Liam Williams was the next Welsh back to go down after taking an accidental boot to the head from Wood and that led to a lot of necessary re-shaping across the line with North shifting inside to play at outside centre, Alex Cuthbert coming onto the wing and the half-back duo of Lloyd Williams and Rhys Priestland also thrown on as cover.

Wales could be forgiven for letting their heads drop at this stage with incredulity at the sheer number of injuries that had robbed them of so many key players, but instead they fought back admirably to score a great try of their own. Jamie Roberts, who failed to make much of an impact for the most part, drew the attention of Watson and cleverly released Lloyd Williams down the left flank. With Barritt out of position, he then played a delightful diagonal grubber into the path of scrum-half Gareth Davies who touched down underneath the posts ahead of Richard Wigglesworth.

Gareth Davies
Gareth Davies was not to be denied as he crossed the line for Wales' second-half try. (Getty)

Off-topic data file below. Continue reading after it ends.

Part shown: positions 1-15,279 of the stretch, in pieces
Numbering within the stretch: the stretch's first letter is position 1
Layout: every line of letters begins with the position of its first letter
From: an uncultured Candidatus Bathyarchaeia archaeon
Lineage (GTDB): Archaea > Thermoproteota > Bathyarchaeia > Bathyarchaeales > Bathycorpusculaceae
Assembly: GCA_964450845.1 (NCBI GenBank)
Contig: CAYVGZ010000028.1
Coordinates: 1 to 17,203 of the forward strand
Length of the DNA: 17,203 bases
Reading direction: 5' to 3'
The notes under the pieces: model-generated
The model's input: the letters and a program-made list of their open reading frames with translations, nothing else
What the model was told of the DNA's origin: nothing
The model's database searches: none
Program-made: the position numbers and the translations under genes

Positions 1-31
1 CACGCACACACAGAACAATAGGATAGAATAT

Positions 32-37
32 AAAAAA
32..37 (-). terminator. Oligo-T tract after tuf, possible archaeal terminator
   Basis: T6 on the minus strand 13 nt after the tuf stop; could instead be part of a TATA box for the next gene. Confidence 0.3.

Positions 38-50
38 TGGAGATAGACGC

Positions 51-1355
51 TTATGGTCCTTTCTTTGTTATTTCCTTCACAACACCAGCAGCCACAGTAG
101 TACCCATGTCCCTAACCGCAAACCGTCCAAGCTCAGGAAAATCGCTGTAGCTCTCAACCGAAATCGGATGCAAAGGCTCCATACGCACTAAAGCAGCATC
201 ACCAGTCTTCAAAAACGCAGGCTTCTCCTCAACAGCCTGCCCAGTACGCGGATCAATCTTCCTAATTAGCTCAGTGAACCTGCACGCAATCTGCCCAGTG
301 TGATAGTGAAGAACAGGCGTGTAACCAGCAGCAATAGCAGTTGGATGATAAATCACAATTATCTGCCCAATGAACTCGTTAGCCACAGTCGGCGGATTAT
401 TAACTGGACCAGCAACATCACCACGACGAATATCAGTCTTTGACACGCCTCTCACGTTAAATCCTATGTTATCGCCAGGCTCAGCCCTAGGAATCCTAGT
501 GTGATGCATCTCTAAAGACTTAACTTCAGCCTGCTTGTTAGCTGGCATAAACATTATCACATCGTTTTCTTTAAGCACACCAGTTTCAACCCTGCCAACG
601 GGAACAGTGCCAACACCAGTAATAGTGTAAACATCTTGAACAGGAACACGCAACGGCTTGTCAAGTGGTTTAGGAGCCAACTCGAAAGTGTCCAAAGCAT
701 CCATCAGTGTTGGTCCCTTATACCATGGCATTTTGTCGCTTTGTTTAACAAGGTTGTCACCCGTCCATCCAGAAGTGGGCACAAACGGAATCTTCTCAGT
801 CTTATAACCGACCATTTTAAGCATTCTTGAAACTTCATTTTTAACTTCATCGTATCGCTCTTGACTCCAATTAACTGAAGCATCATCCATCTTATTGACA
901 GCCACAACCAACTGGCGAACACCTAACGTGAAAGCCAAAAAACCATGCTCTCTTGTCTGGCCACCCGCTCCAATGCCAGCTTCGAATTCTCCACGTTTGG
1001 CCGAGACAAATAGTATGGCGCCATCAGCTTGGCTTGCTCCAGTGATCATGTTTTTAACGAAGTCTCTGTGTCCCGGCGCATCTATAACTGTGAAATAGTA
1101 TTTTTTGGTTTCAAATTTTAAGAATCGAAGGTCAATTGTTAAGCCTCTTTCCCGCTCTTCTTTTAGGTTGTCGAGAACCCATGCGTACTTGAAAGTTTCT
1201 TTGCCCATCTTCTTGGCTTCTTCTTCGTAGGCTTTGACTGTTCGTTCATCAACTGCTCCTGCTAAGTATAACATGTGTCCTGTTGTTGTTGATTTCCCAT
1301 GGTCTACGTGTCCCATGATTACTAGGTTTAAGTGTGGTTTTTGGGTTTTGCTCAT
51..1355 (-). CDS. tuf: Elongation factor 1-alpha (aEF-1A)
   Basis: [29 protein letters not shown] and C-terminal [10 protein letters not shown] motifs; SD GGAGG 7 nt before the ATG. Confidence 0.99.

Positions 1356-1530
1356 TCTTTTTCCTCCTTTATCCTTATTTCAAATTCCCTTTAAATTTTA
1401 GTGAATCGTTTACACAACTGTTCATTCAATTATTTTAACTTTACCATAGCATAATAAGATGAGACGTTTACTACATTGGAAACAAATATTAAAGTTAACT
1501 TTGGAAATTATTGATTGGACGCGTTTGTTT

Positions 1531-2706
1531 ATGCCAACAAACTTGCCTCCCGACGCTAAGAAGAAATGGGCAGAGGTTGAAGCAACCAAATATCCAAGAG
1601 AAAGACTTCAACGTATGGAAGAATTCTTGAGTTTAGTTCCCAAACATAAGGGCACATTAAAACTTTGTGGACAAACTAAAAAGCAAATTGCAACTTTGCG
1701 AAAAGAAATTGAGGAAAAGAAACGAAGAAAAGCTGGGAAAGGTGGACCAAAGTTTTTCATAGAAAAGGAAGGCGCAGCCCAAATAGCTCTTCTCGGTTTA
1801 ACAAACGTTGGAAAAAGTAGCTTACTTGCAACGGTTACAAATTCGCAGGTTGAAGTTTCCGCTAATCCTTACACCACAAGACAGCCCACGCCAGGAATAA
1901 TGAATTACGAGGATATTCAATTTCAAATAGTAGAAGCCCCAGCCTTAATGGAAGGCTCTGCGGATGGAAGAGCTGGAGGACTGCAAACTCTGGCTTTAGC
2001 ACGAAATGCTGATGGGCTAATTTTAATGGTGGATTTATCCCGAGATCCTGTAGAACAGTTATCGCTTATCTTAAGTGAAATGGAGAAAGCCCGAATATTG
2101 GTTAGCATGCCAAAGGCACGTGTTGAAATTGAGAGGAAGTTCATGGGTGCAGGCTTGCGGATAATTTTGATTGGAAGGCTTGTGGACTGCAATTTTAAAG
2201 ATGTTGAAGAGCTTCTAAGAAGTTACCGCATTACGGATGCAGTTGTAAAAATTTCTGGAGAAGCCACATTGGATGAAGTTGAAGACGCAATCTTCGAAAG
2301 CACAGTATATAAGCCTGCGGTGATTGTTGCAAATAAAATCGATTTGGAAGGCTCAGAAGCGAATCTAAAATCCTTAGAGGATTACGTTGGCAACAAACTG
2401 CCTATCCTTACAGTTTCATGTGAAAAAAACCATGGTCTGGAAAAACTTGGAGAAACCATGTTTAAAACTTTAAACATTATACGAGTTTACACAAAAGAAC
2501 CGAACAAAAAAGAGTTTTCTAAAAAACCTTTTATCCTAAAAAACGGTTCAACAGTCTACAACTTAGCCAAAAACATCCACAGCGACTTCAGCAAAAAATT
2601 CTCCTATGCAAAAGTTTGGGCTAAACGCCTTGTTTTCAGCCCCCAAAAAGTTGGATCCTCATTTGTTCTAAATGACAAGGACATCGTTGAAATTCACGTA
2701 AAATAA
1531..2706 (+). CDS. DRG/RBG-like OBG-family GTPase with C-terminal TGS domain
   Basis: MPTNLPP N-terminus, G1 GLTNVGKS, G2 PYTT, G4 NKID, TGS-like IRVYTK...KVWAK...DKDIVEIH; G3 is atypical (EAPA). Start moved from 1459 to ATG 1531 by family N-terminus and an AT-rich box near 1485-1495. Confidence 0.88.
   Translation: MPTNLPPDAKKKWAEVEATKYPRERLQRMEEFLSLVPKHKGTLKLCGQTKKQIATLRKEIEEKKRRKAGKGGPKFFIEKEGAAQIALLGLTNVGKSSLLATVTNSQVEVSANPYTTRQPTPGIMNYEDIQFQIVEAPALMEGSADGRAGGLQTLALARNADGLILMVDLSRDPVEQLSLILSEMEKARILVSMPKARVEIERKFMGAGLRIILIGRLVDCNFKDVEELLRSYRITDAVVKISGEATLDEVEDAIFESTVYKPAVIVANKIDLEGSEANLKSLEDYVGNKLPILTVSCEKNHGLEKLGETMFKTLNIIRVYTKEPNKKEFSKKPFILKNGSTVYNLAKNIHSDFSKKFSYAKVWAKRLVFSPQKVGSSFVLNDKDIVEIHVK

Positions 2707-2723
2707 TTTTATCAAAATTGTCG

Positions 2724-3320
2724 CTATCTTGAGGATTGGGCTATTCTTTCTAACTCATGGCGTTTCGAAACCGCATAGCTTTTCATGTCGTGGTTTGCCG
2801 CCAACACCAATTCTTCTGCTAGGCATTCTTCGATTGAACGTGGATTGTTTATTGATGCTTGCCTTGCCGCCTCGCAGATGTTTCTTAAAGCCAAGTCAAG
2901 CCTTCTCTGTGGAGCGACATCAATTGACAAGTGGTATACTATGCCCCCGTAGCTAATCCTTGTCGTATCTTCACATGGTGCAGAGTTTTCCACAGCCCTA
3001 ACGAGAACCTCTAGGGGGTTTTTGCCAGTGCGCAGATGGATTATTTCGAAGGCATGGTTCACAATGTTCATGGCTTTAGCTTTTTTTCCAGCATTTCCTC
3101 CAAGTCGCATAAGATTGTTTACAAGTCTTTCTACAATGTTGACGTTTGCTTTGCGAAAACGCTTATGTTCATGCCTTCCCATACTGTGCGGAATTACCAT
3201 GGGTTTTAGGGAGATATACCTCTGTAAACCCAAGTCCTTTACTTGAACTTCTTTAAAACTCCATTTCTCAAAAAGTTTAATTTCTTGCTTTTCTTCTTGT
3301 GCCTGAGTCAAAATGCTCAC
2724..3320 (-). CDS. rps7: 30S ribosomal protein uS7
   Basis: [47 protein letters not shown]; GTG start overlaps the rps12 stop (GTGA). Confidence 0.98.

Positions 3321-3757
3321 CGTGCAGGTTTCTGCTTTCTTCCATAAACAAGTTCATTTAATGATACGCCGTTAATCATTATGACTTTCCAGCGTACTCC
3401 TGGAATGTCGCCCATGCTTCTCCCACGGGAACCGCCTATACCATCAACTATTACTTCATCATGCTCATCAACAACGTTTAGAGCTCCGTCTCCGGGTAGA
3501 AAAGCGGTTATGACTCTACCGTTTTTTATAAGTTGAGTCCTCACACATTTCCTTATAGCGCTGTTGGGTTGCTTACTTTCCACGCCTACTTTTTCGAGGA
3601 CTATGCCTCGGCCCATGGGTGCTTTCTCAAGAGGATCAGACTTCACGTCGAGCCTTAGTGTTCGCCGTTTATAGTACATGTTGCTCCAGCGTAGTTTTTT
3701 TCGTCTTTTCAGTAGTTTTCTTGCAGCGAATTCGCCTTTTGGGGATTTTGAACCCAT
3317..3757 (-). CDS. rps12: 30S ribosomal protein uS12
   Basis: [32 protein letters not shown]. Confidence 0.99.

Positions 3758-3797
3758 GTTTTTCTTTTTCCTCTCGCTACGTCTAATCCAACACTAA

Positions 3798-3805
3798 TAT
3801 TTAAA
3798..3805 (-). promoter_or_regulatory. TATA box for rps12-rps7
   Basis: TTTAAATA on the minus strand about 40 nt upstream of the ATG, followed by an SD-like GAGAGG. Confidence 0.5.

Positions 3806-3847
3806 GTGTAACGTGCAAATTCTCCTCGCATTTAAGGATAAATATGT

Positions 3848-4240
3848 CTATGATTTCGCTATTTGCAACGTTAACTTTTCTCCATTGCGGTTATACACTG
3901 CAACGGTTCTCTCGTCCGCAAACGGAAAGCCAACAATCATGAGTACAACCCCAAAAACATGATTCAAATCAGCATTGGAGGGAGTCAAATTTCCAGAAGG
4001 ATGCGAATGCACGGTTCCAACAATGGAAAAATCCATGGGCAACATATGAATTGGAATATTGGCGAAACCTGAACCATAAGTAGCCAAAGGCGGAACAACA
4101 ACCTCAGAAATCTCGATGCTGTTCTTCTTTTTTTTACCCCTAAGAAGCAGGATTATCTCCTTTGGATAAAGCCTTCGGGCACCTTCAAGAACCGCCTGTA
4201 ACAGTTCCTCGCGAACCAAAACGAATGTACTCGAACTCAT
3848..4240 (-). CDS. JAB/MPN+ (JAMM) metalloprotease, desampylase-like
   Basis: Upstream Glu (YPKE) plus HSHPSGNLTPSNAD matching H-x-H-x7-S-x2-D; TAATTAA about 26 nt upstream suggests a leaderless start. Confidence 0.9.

The excellent Biggar then set pulses racing around the ground as he showed great power and composure to convert a kick from near the halfway line with just eight minutes remaining after Brown was penalised for not releasing. England then won another penalty with just three minutes to play, but Robshaw inexplicably chose to follow in the footsteps of the brave Japan side that stunned South Africa in similar fashion and kick for touch instead of towards the posts. That decision proved to be wildly incorrect in hindsight as Wales' fierce defensive maul bulldozed the home pack off the field to set the seal on a memorable night for the men in red.

In Saturday's two other games, Italy just about managed to avoid being on the wrong end of a shock result in Pool D as Gonzalo Garcia's late try secured a 23-18 win over plucky Canada at Elland Road. In Birmingham, South Africa bounced back from that aforementioned humiliating defeat and ran in six tries - three of which came from Sharks wing JP Pietersen - in an emphatic 46-6 bonus-point rout of Samoa.

Captain Sam Warburton and Wales celebrate a famous victory on enemy soil. (AFP)